The Impact of Airbnb Crackdown on NYC Hotel Prices and Accommodation Availability

The landscape of short-term rentals in New York City has changed dramatically following the implementation of stringent regulations. These new rules, encapsulated in Local Law 18, have led to a significant reduction in Airbnb listings, resulting in higher hotel prices and fewer accommodation options for travelers.

New York City’s combination of reduced hotel supply and the stringent regulations on short-term rentals has created a perfect storm, pushing hotel prices to record highs. As tourism demand approaches pre-pandemic levels, travelers are facing higher costs and fewer accommodation choices. For policymakers and other cities, New York serves as a critical example of the potential pitfalls of over-regulating short-term rentals. The situation underscores the need for balanced regulations that address legitimate concerns without stifling the accommodation market and harming economic vitality.

Decline in Airbnb Listings

Airbnb postings in New York have seen a drastic decline due to Local Law 18, which went into effect in September. This law mandates hosts to register with the city, imposes restrictions on rental durations, and requires hosts to be present during stays. While intended to curb illegal hotels and short-term rentals, these regulations have effectively shut down many Airbnb units. Jay Carney, the global head of policy and communications at Airbnb, highlighted this issue, pointing out that such regulations are counterproductive and serve as a cautionary tale for other cities considering similar measures.

Surge in Hotel Prices

The crackdown on Airbnb has had a significant impact on hotel prices in New York City. According to Skift, hotel rates in NYC increased by 6.7% in the first quarter of 2024 compared to the previous year. Additionally, the average nightly rate reached $301 last year, marking an 8.5% year-over-year increase. This rise in prices is not solely due to inflation but is also driven by a supply crunch in the accommodation market.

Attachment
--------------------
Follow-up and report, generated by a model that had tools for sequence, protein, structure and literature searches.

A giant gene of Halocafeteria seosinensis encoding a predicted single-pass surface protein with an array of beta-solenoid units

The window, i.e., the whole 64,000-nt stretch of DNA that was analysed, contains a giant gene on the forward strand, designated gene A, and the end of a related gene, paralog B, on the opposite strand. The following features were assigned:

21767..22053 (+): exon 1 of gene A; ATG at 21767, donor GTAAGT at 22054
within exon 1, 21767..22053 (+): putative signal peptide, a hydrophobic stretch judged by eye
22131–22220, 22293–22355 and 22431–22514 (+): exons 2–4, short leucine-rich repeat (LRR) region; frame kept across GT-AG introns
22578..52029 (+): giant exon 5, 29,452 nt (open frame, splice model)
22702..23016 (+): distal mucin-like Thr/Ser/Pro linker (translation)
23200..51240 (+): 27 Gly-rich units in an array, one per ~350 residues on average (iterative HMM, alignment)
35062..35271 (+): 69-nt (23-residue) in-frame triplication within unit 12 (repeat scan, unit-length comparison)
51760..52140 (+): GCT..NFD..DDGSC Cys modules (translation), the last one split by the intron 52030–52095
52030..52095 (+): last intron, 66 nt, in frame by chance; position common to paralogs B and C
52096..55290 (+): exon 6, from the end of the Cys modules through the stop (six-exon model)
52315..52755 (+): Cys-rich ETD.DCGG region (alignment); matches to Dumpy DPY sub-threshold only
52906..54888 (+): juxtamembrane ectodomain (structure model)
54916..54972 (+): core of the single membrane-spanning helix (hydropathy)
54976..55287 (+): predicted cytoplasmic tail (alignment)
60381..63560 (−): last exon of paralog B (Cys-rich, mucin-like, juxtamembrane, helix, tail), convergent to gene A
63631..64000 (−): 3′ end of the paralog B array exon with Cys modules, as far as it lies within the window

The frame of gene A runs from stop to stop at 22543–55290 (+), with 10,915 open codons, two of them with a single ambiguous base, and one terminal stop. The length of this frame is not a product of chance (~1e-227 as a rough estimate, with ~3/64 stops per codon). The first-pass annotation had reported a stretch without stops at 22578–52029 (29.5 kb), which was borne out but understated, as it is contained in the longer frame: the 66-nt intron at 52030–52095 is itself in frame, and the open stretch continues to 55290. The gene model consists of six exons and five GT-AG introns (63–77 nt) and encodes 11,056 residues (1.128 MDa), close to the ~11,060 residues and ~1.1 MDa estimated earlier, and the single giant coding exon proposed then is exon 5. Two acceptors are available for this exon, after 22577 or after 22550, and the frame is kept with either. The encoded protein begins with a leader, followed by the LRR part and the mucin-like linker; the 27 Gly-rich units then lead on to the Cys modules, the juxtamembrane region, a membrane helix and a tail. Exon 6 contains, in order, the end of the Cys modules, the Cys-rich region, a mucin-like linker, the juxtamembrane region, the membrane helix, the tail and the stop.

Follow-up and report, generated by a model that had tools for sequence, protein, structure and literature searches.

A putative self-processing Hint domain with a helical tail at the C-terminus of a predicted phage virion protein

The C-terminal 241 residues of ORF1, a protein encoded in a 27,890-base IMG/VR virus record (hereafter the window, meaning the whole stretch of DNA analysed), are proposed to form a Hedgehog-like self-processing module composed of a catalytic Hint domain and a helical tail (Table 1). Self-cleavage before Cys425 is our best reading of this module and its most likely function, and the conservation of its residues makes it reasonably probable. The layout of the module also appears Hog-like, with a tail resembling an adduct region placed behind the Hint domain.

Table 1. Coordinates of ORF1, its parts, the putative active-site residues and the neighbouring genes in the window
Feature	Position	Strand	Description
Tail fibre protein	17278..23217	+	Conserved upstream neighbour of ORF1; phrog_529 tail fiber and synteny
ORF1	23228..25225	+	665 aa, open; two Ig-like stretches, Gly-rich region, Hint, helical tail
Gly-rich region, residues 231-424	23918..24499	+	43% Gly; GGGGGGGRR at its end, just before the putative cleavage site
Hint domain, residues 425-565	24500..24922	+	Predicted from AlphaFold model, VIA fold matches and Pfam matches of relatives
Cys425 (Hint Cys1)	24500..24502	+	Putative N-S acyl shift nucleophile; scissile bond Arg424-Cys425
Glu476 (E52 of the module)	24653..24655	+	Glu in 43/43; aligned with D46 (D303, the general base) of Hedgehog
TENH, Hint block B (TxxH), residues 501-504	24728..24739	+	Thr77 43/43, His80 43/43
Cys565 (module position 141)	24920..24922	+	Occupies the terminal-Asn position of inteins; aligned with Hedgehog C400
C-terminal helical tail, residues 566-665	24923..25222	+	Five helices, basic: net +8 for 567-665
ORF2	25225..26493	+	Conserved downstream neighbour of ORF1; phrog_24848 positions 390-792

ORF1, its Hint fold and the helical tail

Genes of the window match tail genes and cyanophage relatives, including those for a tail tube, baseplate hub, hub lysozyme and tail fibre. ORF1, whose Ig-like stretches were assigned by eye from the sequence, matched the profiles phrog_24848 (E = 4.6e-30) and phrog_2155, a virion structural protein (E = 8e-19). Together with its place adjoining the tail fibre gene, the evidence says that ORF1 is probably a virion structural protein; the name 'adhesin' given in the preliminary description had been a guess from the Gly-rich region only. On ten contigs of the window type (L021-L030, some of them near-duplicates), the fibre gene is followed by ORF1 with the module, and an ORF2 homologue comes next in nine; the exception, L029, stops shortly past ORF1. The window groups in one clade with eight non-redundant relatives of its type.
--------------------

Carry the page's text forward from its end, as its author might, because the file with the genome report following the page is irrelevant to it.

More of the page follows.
Contributing Factors to the Supply Crunch

The reduced availability of short-term rentals is one of the key drivers behind the increase in hotel prices. Before the crackdown, short-term rentals provided about 10% of the city’s travel lodging. With most of these listings now eliminated, the demand has shifted to hotels, further driving up prices.

Moreover, the city has repurposed a significant number of hotel rooms to house migrants. About 135 hotels in the city, out of a total of approximately 680, are being used as temporary homes for migrants. This practice has removed roughly 2% of net hotel rooms from the market compared to pre-pandemic levels. These hotels, receiving steady income from the city, have not reverted to traditional tourist accommodations, exacerbating the supply shortage.

Economic and Social Impact

The economic activity generated by Airbnb guests, particularly in boroughs outside Manhattan, has diminished. Over 50% of Airbnb units were located outside Manhattan, contributing vitality and economic benefits to these neighborhoods. With these listings dwindling, local businesses are likely feeling the pinch, and travelers are now reconsidering their trips to New York due to the higher accommodation costs and limited options.

Barb is the president of NASTRA and has spent her professional career in hospitality and real estate. After acquiring her first short-term rental in 2018, Barb moved her focus to legal advocacy after she sued the city of Nashville over a permit issue. Over the last three years, she has mentored more than 2,800 new STR hosts and is the Community Leader for Airbnb in Nashville, as well as an Airbnb “Ask a Superhost” Ambassador. Barb has appeared on numerous radio broadcasts, television shows, and podcasts to talk about her love of hosting. She also manages and co-hosts a number of short term rentals across Tennessee and Arkansas. Barb and her husband Pat own a hotel brokerage, development and consulting company. Look for her upcoming podcast series, “Women of Airbnb.”

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